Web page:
Skip to main content
You are here
Facebook icon
Pinterest icon
Twitter icon

Hopper, Stephen, D

Job title: 

Previous Director of Kew and Honorary Research Associate

Department: 
Executive Directorate
Section: 
Directorate
Joined Kew: 

2006

Qualifications and appointments: 

Qualifications:

  • Honorary Doctor of Science, University of Western Australia (2010)
  • PhD (speciation in kangaroo paws), University of Western Australia (1978)
  • BSc Hons 1st class, majors in botany and zoology, University of Western Australia (1973)

Appointments:

  • Fellow, Australian Academy of Technological Sciences and Engineering (2011 -)
  • Visiting Professor, University of Reading (2007-2010)
  • Corresponding Member, Botanical Society of America (2007 - )
  • Fellow of the Linnaean Society (2007 - )
  • Director/CEO of Kings Park and Botanic Garden/Botanic Gardens and Parks Authority, Perth, Western Australia (1992-2004)
  • Foundation Professor of Plant Conservation Biology, University of Western Australia (2004-2006)
  • Visiting Research Professor, University of Western Australia (2006 - )
  • President, Australian Systematic Botany Society (2003-2006)
  • Board member, Botanic Gardens Conservation International (2006 - )
  • World Wide Fund for Nature (WWF) Australia Scientific Advisory Committee (1991 - 97), Trustee/Governor (1995 - present)
  • Royal Society of Western Australia, member (1980 - ), Ordinary Council Member (1985-97), Publications Committee (1991 - 1996), Vice-President (1993-95), President (1995-96), Immediate Past President (1996-97)
Role: 

In addition to duties as Chief Executive Officer and Chief Scientist of RBG Kew, Professor Stephen Hopper conducts research in plant conservation biology, evolution, systematics and biogeography, with special reference to southwest Australia, global granite outcrop floras, and biodiversity on the world's oldest landscapes.

Stephen's primary focus is on evolutionary, systematic and conservation research relating to the southwest Australian biodiversity hotspot.The discovery and description of 300 new Australian plant taxa was one of the outcomes of this programme. Other major research areas included developing and testing evolutionary hypotheses on origins of plant species richness in the world's oldest, climatically buffered infertile landscapes, elucidation of new aspects of vertebrate pollination ecology, flora conservation and conservation genetics applied to the Australian flora, and the development of collaborative international programs on the biogeography and conservation of granite outcrop floras. Volumes on the Haemodoraceae plant family, plants of granite rock outcrops and the southwest Australian flora, were also in preparation .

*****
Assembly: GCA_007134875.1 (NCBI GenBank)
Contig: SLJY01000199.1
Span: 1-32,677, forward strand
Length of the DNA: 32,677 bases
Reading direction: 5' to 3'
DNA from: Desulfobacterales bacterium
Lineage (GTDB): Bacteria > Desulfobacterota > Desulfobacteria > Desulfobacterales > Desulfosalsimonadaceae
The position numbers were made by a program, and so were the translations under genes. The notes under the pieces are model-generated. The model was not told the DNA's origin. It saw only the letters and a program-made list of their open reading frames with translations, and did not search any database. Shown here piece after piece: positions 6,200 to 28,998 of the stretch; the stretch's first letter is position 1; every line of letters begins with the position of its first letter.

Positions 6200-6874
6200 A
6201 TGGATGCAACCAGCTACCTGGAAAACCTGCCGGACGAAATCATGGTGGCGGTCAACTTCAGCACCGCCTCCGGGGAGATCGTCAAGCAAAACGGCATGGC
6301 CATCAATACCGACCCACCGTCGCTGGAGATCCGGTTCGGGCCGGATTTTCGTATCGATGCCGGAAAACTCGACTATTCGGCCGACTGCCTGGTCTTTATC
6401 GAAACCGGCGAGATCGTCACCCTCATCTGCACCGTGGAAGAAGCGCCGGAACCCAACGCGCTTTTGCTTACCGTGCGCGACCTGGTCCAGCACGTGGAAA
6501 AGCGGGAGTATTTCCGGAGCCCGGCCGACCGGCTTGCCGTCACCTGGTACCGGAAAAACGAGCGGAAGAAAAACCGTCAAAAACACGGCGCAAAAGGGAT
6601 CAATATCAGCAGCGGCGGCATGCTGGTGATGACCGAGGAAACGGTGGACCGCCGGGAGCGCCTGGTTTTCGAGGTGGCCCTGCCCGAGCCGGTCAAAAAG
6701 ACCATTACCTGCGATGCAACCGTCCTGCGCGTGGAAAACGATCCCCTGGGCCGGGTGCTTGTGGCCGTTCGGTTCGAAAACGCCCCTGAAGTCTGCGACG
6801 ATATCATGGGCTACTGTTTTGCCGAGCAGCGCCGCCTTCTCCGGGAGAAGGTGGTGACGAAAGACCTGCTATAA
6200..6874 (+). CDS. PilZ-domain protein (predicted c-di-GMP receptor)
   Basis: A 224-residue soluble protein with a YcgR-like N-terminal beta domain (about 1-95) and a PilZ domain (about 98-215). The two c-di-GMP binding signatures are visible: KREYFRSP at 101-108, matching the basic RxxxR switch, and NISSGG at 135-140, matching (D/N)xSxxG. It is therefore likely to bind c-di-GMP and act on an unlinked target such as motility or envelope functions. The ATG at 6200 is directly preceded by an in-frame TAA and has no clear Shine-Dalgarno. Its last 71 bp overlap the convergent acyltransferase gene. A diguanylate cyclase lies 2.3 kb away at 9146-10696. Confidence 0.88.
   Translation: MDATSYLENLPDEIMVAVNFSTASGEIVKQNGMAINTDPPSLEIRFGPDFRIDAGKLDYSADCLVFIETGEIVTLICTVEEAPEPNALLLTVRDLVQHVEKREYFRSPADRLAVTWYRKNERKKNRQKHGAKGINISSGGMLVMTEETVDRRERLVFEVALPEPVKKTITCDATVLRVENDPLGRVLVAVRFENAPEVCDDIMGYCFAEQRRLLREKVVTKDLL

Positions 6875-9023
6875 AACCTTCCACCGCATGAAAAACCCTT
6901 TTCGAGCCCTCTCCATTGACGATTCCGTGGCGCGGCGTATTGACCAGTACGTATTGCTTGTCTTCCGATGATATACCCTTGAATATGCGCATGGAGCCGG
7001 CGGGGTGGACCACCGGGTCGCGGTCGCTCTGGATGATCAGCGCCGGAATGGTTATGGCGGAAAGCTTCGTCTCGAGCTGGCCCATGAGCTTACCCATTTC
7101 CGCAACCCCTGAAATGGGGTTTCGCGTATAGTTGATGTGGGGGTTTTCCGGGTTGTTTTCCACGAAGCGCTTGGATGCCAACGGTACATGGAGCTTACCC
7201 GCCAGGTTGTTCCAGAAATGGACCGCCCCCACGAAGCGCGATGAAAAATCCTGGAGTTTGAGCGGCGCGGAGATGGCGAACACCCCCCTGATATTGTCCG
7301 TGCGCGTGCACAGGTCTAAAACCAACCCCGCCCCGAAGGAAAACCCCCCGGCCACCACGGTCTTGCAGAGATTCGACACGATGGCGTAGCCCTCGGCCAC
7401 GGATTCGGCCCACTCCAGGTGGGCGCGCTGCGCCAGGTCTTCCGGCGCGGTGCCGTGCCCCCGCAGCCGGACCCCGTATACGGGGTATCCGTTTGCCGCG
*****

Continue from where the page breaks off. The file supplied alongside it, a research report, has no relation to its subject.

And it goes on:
Selected publications: 

Bradshaw, S.D., Dixon, K.W., Hopper, S.D., Lambers, H. & Turner, S.R. (2011). Little evidence for fire-adapted traits in Mediterranean climate regions. Trends in Plant Science 16: 69-76.

Hopper, S.D., Smith, R.J., Fay, M.F., Manning, J.C. & Chase, M.W. (2009). Molecular phylogenetics of Haemodoraceae in the Greater Cape and Southwest Australian Floristic Regions. Molecular Phylogenetics and Evolution 51: 19-30.

Hopper, S.D. & Lambers, H. (2009). Darwin as a plant scientist: a Southern Hemisphere perspective. Trends in Plant Science 14: 421-435.

Hopper, S.D. (2009). OCBIL theory: towards an integrated understanding of the evolution and conservation of biodiversity on old and young landscapes. Plant and Soil 322: 49-86.

Hopper, S.D. (2007). New life for systematics. Science 316: 1097.